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Wet Demoliton

Discussion in 'Demolition' started by mitch504, Jul 31, 2010.

  1. mitch504

    mitch504 Senior Member

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    The job I'm doing right now is the demolition of a 78' shrimp boat in the water. In it's day this was a nice boat, but it was sold to a man who didn't believe in maintenance. He ran it for a few years and sold it to a man who didn't know what he was buying. When they tried to put it on the railway the blocks broke through the hull, it was so rotten. There were parts of the keel you could punch your hand into. I wish I had taken pictures a few months ago when I quoted this job so you could see how nice the cabin was before it was stripped, but you can get the idea from the paneling and etc.
     

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  2. mitch504

    mitch504 Senior Member

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    Interior shots

    Pilot House
    Galley
    Galley
    fore cabin
    after cabin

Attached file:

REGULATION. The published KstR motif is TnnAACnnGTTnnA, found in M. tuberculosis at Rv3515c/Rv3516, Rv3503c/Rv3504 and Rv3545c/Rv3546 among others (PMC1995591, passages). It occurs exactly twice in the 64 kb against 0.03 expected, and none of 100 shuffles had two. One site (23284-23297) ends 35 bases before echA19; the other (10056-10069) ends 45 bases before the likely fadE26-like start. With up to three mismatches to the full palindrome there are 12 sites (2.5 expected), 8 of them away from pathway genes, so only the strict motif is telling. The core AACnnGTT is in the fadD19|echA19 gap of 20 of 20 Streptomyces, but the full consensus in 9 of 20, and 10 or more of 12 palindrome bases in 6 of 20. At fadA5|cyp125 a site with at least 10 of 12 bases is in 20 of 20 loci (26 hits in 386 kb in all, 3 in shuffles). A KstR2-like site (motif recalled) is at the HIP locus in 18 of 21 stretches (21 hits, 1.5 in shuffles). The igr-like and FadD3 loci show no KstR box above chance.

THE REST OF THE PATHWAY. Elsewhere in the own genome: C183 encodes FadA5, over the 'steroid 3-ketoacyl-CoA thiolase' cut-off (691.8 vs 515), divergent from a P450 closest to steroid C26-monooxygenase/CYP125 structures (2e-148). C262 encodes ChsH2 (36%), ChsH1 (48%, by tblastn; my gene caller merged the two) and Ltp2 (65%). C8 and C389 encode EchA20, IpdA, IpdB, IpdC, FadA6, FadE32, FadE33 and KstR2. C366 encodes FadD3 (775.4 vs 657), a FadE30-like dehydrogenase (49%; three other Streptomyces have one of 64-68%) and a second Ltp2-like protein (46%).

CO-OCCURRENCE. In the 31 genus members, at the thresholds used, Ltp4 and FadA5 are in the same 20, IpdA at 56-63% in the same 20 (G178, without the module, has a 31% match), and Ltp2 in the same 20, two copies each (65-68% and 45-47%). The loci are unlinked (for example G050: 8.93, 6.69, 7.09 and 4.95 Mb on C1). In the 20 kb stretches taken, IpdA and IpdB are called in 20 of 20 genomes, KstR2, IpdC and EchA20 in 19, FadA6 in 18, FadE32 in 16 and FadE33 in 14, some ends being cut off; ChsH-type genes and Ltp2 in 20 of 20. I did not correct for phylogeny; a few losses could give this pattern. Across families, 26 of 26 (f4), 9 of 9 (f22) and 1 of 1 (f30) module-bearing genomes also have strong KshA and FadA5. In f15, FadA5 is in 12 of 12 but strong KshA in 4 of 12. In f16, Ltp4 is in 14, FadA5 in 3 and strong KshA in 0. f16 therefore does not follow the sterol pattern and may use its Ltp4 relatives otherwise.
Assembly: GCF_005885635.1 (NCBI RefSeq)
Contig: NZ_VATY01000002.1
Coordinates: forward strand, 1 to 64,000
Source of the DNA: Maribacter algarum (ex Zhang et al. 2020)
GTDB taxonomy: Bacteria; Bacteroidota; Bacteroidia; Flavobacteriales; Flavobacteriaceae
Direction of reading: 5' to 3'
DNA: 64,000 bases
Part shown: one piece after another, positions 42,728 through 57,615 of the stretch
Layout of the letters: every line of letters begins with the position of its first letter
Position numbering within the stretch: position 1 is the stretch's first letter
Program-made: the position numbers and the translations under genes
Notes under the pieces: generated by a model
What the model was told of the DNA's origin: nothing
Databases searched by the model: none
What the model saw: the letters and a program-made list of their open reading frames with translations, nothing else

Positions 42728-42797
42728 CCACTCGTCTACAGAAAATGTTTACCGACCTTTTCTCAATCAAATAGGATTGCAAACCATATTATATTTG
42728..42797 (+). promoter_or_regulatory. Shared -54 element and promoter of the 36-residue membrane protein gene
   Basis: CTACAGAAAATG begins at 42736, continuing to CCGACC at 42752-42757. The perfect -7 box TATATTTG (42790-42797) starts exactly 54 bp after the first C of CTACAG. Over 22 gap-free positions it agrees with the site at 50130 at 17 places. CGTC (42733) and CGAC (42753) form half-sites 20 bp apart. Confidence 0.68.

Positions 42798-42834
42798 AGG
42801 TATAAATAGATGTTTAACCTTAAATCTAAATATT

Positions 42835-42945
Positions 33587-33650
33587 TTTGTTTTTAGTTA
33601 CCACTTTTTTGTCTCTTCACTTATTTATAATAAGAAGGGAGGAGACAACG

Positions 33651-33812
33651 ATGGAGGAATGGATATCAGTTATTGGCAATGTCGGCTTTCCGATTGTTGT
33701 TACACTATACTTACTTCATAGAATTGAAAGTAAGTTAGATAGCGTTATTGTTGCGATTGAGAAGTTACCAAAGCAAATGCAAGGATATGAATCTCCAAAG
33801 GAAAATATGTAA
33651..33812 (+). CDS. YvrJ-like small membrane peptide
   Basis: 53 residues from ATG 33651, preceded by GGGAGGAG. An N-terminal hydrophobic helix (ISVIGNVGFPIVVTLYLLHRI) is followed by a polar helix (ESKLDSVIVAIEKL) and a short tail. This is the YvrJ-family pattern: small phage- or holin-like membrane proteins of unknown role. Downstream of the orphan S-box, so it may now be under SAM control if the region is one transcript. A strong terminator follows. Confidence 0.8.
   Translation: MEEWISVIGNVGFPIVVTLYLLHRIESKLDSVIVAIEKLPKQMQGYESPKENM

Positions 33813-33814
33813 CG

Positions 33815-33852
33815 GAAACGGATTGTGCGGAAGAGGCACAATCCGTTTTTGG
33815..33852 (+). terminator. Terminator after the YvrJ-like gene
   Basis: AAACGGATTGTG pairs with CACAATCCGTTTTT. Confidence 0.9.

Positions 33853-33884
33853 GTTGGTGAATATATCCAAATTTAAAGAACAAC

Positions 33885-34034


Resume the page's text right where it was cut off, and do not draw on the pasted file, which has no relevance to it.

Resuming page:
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  3. Tiny

    Tiny Senior Member

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    Looks like that could be a large pain in the neck to do.
     
  4. amunderdog

    amunderdog Senior Member

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    Hurry and dispose of it before the EPA shows up.
     
  5. stumpjumper83

    stumpjumper83 Senior Member

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    strip anything off that you can salvage. Get some plastic barrels attached somehow so she will kinda float. drag her out several miles and make an artifical reef / diving attraction out of her...
     
  6. stumpjumper83

    stumpjumper83 Senior Member

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    tiny, you should change your signature to "professional grade stake hitman for hire"
     
  7. mitch504

    mitch504 Senior Member

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    Another step

    Tiny, it hasn't been that bad, the worst day was the one I detailed in your thread, too dang hot,http://https://www.heavyequipmentforums.com/Forum/showpost.php?p=244727&postcount=6